Rural Medicine – ETOH Withdrawal and Ice Fog

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Nurses Edition Commentary

Kathy Garvin, RN and Lisa Chavez, RN

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Birgitte M. -

In our institution, the pulmonologists have great success with Precedex.

Rick M. -

In the middle of listening to the Rural Medicine case of alcohol withdrawal. My very first thought was, knowing that they have limited medications and resources, why not have the patient start drinking vodka, whiskey or even beer, while he was still awake and coherent, before he got any worse. Prevention is better than playing catch up. Start weaning off alcohol when he was at a more appropriate facility. Best treatment to prevent alcohol withdrawal is alcohol. At the RAC Shock Trauma Center in Maryland, in the 90's, we used to Rx beer and whiskey to prevent withdrawal in patients who were not interested in stopping and would be going home in days or weeks. Titrated IV alcohol for those who could not drink. Benzo's less often or as back up.
Now, at a fully stocked hospital in a city, we use large doses of benzo's until requiring intubation, and then use propofol drip with Precedex as alternative if not responding adequately to propofol.

Vanessa C. -

Thanks for the comment and thoughts! And I love the suggestion but just one problem... this is ostensibly a dry community. No liquor stores. There are bootleggers for sure but ethics of community nurses asking bootleggers for illegal booze? Not so sure about that. Unlike the other Cree communities in our territory this particular village is only half dry, in that the Inuit side of the village does have a bar, but the Inuit and Cree are served by different health agencies and rules. So much more complicated than just giving them alcohol I fear. Would love to hear if anyone else working in a dry community has dealt with this by asking bootleggers for help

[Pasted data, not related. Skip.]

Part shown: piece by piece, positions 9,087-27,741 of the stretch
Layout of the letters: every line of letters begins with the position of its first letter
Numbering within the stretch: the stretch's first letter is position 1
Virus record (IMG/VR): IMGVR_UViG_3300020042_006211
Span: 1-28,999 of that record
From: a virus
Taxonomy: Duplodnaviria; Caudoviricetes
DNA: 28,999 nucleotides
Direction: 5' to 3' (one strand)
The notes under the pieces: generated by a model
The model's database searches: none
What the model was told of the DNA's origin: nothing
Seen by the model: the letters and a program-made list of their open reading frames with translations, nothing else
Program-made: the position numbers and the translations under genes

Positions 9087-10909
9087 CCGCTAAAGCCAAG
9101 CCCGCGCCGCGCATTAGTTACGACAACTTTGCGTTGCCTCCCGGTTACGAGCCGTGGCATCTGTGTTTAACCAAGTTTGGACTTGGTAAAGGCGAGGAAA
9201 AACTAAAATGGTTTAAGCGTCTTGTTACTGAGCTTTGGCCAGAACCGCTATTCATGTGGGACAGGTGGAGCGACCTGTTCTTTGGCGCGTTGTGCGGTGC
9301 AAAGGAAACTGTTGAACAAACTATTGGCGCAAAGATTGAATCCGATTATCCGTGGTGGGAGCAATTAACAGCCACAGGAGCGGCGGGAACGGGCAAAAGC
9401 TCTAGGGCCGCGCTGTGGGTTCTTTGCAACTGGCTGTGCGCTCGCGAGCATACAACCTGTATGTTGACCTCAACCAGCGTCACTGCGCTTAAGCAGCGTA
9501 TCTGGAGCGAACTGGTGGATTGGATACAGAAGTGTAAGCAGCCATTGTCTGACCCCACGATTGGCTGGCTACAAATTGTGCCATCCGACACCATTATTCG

J. B. L. -

I find the Great White North fascinating. I remember as a teen ager writing the NWT for information on Frobisher Bay ( now Iqualit) and thnking about driving up to Maricourt quebec ( Quebec wasn't far from my home in the USA) and thinking about taking a ferry to Baffin island. Boy, was I dissappointed to find out that there are no roads that head that far north. I would be interested in knowing what comunity you serve, and what the coomunity that was involved was called ( so I can see them on a map) and how does the government provide medical care for these far flumng communities? Where do they get the doctors from? Do all communities get some kind of medical service? ( I would consider gogint to Grise Fjord~)

Vanessa C. -

Thanks for the reply. I work in Chisasibi, Quebec which is on the eastern edge of James Bay. The community where this particular story took place was Whapmagoostui or Great Whale or Kuujiuruapik which is on the lower eastern part of Hudson Bay. The "north" of Quebec is split into different health regions. My region is Region 18 and covers the 9 Cree communities. Region 17 is the region covering the Inuit villages in the province. There are nursing stations in each community and some have permanent doctor coverage but many have doctors coming in and out on a regular basis. The nurses in the communities are called "extended role" nurses. Not officially Nurse Practitioners but they receive additional training in how to manage many common chronic and urgent issues, and they are hard core as they manage so many things without the benefits of labs or X-rays or MD backup in many cases.

Thanks for the interest!

David W. -

As an aside, I know benzos are typically considered first line treatment for alcohol withdrawal, but I've started using phenobarbital as first line because it allows the patient to go home and not have to take any additional meds due to its long half life (~80 hours I believe)

Here is a good set of articles on the subject:

In addition, I know that the group who works @ Highland hospital in Oakland, CA uses phenobarbital for their alcohol withdrawal patients with good success. I believe their protocol is 130-260mg IV Q30 minutes to a max of 1040mg or so until the patient is lightly sedated (awakes to voice) and can still walk.

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